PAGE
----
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Cinque v. Crown Oil Corp.

New Jersey Supreme Court

Decided: September 12, 1946.


On appeal from the Supreme Court.

For the plaintiff-appellant, Kellogg & Chance (R. Robinson Chance, of counsel).

For the defendant-respondent, Coult, Satz, Morse & Coult (Joseph Coult, of counsel).


[135 NJL Page 38]

The opinion of the court was delivered by

McGEEHAN, J. Plaintiff appeals from a judgment in favor of the defendant, Crown Oil Corporation, entered in the Supreme Court upon nonsuit at the Passaic circuit. Plaintiff sued Crown Oil Corporation and Chester W. Langton to recover damages for personal injury sustained by him when struck by an automobile driven by the latter. Langton was not served with process and the case proceeded to trial against Crown Oil Corporation.

The accident in question happened on Plaza Road, Fairlawn, Bergen County, at about 7:50 A.M. according to one witness, and between 8:15 A.M. and 8:30 A.M. according to another. Langton lived on Plaza Road about eight to ten blocks away from the intersection of Plaza Road and Route 4, about which intersection several stores and shops were grouped, including a barber shop. He owned the car involved,

[135 NJL Page 39]

and the accident happened as he drove it from his home along Plaza Road toward the intersection of Plaza Road and Route 4. After the accident, he continued driving until he reached the intersection, when he parked his car in front of the stores, and he was arrested as he left his car to go to the barber shop. He was examined by Dr. Brennan at Fairlawn police head-quarters at 9:00 A.M. and found to be "under the influence of intoxicating liquor, not in a fit condition to drive a car."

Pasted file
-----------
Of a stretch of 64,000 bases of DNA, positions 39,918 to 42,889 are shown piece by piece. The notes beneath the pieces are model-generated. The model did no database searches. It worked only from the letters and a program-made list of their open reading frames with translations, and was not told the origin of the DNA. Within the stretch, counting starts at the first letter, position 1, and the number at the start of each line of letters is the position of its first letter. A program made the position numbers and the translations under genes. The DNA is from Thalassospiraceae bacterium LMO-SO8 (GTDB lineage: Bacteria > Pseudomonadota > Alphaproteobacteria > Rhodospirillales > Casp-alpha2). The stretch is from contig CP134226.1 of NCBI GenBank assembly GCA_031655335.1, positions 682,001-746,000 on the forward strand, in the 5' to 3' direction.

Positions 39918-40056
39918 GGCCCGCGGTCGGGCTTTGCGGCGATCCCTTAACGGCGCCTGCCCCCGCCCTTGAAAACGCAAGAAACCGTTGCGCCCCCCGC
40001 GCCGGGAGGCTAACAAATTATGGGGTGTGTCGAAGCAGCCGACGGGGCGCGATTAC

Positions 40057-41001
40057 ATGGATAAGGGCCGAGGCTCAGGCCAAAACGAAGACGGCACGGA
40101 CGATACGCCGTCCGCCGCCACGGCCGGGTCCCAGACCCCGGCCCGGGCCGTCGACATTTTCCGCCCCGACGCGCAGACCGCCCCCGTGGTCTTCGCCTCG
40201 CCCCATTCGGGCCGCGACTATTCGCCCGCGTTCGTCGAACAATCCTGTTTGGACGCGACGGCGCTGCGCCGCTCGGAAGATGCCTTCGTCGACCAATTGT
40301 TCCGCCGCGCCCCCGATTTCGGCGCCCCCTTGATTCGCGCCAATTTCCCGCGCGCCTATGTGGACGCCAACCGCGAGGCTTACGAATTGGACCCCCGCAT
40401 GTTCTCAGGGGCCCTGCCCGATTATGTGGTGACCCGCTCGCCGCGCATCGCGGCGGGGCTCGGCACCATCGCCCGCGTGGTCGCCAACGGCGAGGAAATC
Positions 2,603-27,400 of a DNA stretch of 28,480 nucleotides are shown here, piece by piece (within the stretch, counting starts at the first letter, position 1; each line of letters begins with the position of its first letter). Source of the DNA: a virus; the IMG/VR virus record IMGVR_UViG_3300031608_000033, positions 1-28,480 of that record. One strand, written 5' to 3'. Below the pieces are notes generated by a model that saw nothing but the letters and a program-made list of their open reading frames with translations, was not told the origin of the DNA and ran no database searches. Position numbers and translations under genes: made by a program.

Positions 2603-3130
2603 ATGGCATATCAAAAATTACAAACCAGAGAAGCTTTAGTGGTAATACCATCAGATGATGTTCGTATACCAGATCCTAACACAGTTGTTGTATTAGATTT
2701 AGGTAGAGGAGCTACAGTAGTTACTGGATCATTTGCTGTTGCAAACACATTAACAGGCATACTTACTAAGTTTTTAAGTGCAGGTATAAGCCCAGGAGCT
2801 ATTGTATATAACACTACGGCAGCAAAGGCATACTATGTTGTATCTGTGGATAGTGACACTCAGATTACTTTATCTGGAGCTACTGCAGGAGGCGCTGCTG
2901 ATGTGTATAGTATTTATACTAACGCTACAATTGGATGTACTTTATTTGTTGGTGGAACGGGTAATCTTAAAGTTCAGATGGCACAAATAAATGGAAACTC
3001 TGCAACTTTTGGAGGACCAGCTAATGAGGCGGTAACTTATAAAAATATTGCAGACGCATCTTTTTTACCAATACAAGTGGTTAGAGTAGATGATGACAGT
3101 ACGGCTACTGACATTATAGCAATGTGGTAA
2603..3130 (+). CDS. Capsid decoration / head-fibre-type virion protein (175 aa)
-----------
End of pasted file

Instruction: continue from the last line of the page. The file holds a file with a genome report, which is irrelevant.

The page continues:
Langton's home in Fairlawn was about nineteen miles from the office and yard of his employer, Crown Oil Corporation, at Harrison, New Jersey. He had been credit manager for Crown for four years and his duties were to investigate the affairs of prospective customers; to arrange with existing customers as to credit relations, and to protect the accounts receivable of the Crown Oil Corporation. Such credit transactions extended over the territory within a twenty-five mile radius of the office in Harrison. He had been accustomed to use his car in and about his duties as credit manager whenever required, and he stated that such occasions occurred about three times a week. The officers of the Crown Oil Corporation knew that he so used his car on company business, and while no specific arrangement was made as to gas and oil, his car was furnished with gas and oil at the yard of the Crown Oil, without cost. He also used his car to go between his home and the Crown Oil office. Prior to the accident, he had driven his car 9,000 miles on company business. He was not required to report to the office in the morning before he started work; he worked whatever hours were necessary -- sometimes early in the morning, sometimes late at night; there was no restriction on the hours during which he was to perform his duties. The nature of the work was such that he would start the day's work sometimes without first going to the office; at other times he would go to the office and thereafter make visits from the office during the day. Crown Oil furnished him with no other means of transportation for performing his duties.